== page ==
Thursday, February 23, 2017

How the Story of “Moana” and Maui Holds Up Against Cultural Truths

I've said it before and I will say it again: the colonization of Pacific Islands is the greatest human adventure story of all time.

People using Stone Age technology built voyaging canoes capable of traveling thousands of miles, then set forth against the winds and currents to find tiny dots of land in the midst of the largest ocean on Earth. And having found them, they traveled back and forth, again and again, to settle them—all this, 500 to 1,000 years ago.

Ever since Captain Cook landed in the Hawaiian Islands and realized that the inhabitants spoke a cognate language to those of the South Pacific islands, scholars and others have researched and theorized about the origins and migrations of the Polynesians.

The Hōkūleʻa voyaging canoe has proved the efficacy of traditional Oceanic navigation since 1976, when it embarked on its historic maiden voyage to recover the lost heritage of this ocean-sailing tradition. The general scholarship on migrations seems well established, and most current researches now seek to understand the timing of the various colonizations.

But one huge mystery, sometimes called “The Long Pause” leaves a gaping hole in the voyaging timeline.

Western Polynesia—the islands closest to Australia and New Guinea—were colonized around 3,500 years ago. But the islands of Central and Eastern Polynesia were not settled until 1,500 to 500 years ago. This means that after arriving in Fiji, Samoa and Tonga, Polynesians took a break—for almost 2,000 years—before voyaging forth again.

Then when they did start again, they did so with a vengeance: archaeological evidence suggests that within a century or so after venturing forth, Polynesians discovered and settled nearly every inhabitable island in the central and eastern Pacific.

Nobody knows the reason for The Long Pause, or why the Polynesians started voyaging again.

Several theories have been proposed—from a favorable wind caused by a sustained period of El Niño, to visible supernovas luring the stargazing islanders to travel, to ciguatera poisoning caused by algae blooms.

Enter Moana, the latest Disney movie, set in what appears to be Samoa, even though most American audiences will see it as Hawaii.

Moana—pronounced “moh-AH-nah,” not “MWAH-nah” means “ocean”—and the character is chosen by the sea itself to return the stolen heart of Te Fiti, who turns out to be an island deity (Tahiti, in its various linguistic forms, including Tafiti, is a pan-Polynesian word for any faraway place).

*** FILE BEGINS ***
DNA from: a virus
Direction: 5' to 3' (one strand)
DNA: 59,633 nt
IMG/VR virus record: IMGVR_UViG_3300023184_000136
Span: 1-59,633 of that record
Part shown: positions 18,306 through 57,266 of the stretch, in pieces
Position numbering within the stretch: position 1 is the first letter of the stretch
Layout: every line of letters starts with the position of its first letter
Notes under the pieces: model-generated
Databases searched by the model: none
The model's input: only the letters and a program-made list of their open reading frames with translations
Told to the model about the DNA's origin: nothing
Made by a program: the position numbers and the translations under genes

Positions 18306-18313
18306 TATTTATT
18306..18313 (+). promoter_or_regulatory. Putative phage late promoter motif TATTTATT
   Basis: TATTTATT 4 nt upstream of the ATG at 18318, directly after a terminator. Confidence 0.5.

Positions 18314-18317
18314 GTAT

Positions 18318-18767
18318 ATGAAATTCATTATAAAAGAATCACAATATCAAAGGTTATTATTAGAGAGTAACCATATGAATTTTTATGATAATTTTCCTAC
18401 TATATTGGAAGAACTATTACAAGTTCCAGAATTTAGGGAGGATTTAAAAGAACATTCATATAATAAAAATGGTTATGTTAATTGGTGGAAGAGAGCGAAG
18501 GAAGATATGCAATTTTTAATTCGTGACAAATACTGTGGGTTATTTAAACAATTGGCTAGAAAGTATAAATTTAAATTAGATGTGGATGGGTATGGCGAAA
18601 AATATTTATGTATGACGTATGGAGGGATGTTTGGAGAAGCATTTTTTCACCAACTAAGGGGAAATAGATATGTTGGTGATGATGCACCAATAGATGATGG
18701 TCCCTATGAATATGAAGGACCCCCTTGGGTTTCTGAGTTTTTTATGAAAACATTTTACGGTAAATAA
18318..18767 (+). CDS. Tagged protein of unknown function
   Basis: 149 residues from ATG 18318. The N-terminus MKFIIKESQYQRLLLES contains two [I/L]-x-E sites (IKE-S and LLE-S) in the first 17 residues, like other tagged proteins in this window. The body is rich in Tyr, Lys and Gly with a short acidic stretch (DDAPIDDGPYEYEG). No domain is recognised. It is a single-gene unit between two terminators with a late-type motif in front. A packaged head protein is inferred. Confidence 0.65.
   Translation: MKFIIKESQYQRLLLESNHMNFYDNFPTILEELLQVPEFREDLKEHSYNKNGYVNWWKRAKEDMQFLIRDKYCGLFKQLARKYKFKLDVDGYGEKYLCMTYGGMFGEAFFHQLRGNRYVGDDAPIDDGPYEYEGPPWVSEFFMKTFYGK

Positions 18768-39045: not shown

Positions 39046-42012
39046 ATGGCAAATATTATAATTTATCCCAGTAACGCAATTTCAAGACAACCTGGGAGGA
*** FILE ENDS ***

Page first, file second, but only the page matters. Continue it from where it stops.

The heart of Te Fiti is a greenstone (New Zealand Maori) amulet stolen by the demigod Maui. An environmental catastrophe spreading across the island makes the mission urgent. And despite admonitions from her father against anyone going beyond the protective reef, Moana steals a canoe and embarks on her quest.

But as should be expected whenever Disney ventures into cross-cultural milieus, the film is characterized by the good, the bad and the ugly.

Moana’s struggle to learn to sail and get past the reef of her home island sets the stage for her learning of true wayfinding. It also shows traces of Armstrong Sperry’s stirring, classic book Call It Courage, and Tom Hanks's Castaway.

But the film's story also has a different angle with a powerful revelation: Moana’s people had stopped voyaging long ago, and had placed a taboo—another Polynesian world—on going beyond the reef.

With the success of Moana’s mission and her having learned the art of wayfinding, her people start voyaging again.

And so the Long Pause comes to an end, Disney style, with a great fleet of canoes setting forth across the ocean to accomplish the greatest human adventure of all time. I admit to being moved by this scene.

As someone who lectures on traditional oceanic navigation and migration, I can say resoundingly that it is high time the rest of the world learned this amazing story.

But then there is much to criticize.

by Doug Herman, Smithsonian |  Read more:
Image: Phil Uhl/Wikimedia Commons